Neuroscience, evolution, and culture
Tag Archives: persuasion
2012/12/20Posted by on
A recent study by Aral & Walker provides support that the openness-persuasiveness dynamics we suggested a few years ago actually goes on in cultural evolution. In short, we had put forward mathematical and simulation models to support the notion that learning from others produces individuals that, over time, become more conservative (less likely to learn from others) and more persuasive (more likely to convince others of one’s own ideas). These predictions have been confirmed by Aral & Walker, who showed that older Facebook users are more difficult to convince do adopt a Facebook app than younger users, and yet are better at convincing others to adopt the app. Up to now, we only had indirect evidence about openness (older people score low on openness in personality tests), and no evidence on persuasion.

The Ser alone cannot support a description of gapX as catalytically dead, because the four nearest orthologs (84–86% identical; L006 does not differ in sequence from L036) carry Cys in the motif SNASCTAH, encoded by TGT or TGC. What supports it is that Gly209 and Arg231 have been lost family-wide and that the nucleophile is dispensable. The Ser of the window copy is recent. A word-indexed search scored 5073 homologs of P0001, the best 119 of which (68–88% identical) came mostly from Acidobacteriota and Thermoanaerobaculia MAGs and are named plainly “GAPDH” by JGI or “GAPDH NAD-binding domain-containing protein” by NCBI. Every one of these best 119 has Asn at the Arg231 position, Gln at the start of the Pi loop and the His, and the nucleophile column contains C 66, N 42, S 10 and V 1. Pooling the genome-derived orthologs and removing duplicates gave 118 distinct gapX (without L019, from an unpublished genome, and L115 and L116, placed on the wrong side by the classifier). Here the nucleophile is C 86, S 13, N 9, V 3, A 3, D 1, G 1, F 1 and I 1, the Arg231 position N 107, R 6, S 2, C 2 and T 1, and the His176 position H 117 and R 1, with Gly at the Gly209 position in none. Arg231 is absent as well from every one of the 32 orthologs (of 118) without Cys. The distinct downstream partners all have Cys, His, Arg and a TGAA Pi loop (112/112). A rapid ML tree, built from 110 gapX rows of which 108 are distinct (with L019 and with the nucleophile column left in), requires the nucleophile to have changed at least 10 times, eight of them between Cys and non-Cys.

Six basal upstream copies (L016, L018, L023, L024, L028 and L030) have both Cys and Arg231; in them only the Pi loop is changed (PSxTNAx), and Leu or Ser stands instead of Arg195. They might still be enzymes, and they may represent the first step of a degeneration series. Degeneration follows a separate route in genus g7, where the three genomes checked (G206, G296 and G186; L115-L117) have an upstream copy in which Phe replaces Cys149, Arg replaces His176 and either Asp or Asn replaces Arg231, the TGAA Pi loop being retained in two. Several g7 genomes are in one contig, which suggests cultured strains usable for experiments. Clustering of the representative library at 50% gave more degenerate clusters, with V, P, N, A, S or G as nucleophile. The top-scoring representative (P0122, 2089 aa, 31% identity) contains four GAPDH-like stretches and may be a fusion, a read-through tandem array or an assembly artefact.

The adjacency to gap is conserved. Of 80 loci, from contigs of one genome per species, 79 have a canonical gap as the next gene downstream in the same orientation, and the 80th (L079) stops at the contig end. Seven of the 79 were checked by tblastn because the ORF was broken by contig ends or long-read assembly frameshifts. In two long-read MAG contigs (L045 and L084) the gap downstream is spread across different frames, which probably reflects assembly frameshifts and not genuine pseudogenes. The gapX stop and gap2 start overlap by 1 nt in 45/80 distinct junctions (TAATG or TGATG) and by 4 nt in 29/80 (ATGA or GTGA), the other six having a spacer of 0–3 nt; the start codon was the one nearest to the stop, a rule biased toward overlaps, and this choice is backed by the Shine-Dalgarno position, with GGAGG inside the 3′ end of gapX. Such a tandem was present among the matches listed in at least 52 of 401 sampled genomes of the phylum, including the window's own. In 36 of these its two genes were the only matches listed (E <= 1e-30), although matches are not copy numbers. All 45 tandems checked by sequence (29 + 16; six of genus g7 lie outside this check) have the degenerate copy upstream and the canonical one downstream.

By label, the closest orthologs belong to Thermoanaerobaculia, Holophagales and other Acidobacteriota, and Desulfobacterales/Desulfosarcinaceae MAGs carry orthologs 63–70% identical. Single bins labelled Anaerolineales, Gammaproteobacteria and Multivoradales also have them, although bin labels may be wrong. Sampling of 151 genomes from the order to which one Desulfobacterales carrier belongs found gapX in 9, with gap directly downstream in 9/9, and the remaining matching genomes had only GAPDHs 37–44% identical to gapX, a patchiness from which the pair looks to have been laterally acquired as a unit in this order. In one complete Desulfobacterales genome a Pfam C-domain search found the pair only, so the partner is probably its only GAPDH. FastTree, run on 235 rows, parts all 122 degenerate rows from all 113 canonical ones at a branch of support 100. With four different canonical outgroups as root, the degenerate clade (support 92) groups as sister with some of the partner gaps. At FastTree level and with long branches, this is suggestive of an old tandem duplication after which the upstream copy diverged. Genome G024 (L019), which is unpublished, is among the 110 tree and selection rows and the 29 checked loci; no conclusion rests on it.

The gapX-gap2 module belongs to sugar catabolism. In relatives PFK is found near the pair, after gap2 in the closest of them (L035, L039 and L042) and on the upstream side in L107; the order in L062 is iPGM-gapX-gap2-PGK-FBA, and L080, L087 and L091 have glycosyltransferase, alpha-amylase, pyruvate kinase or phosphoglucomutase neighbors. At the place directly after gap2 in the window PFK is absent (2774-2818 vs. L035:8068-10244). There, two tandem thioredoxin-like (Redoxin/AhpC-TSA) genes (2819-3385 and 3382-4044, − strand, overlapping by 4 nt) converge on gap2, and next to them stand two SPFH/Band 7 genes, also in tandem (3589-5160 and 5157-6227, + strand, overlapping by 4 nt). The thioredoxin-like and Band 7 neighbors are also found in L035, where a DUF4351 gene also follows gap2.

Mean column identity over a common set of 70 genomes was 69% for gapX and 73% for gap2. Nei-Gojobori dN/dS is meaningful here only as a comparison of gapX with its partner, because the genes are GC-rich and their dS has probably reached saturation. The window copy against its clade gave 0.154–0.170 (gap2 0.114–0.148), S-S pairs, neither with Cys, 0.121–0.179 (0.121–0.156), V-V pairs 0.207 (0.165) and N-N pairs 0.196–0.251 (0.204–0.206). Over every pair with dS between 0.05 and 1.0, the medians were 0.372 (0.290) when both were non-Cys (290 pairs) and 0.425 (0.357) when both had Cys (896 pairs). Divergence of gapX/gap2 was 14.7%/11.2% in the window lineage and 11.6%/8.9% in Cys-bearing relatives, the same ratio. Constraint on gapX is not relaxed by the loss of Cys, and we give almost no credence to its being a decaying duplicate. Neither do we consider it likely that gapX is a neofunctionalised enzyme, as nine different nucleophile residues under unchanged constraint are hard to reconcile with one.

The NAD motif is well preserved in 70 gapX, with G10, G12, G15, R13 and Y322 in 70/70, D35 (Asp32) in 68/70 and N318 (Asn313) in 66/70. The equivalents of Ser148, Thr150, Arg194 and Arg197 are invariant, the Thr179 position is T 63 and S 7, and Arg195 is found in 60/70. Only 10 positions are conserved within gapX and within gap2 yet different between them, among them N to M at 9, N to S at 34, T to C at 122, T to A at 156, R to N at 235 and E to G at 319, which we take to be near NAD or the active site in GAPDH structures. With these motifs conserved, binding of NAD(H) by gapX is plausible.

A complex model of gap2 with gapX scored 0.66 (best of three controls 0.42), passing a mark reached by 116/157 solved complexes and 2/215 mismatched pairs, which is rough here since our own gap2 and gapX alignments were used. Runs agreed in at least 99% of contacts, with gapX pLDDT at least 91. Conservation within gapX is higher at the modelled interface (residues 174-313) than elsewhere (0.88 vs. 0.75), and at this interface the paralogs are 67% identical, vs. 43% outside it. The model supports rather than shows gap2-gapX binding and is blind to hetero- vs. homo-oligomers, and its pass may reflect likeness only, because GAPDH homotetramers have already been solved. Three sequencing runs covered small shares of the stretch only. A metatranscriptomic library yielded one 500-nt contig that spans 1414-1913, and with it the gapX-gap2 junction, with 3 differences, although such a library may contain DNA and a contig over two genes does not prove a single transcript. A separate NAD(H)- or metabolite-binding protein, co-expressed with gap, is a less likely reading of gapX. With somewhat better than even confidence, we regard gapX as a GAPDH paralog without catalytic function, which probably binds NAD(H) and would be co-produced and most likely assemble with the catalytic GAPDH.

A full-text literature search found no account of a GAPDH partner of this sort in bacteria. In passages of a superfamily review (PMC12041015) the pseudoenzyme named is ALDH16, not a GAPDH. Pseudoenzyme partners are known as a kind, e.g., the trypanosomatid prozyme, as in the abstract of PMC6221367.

We have submitted a comment to the journal relating Aral & Walker’s intriguing findings to our theory. You can find a slightly extended version here, essentially with more references to relevant work.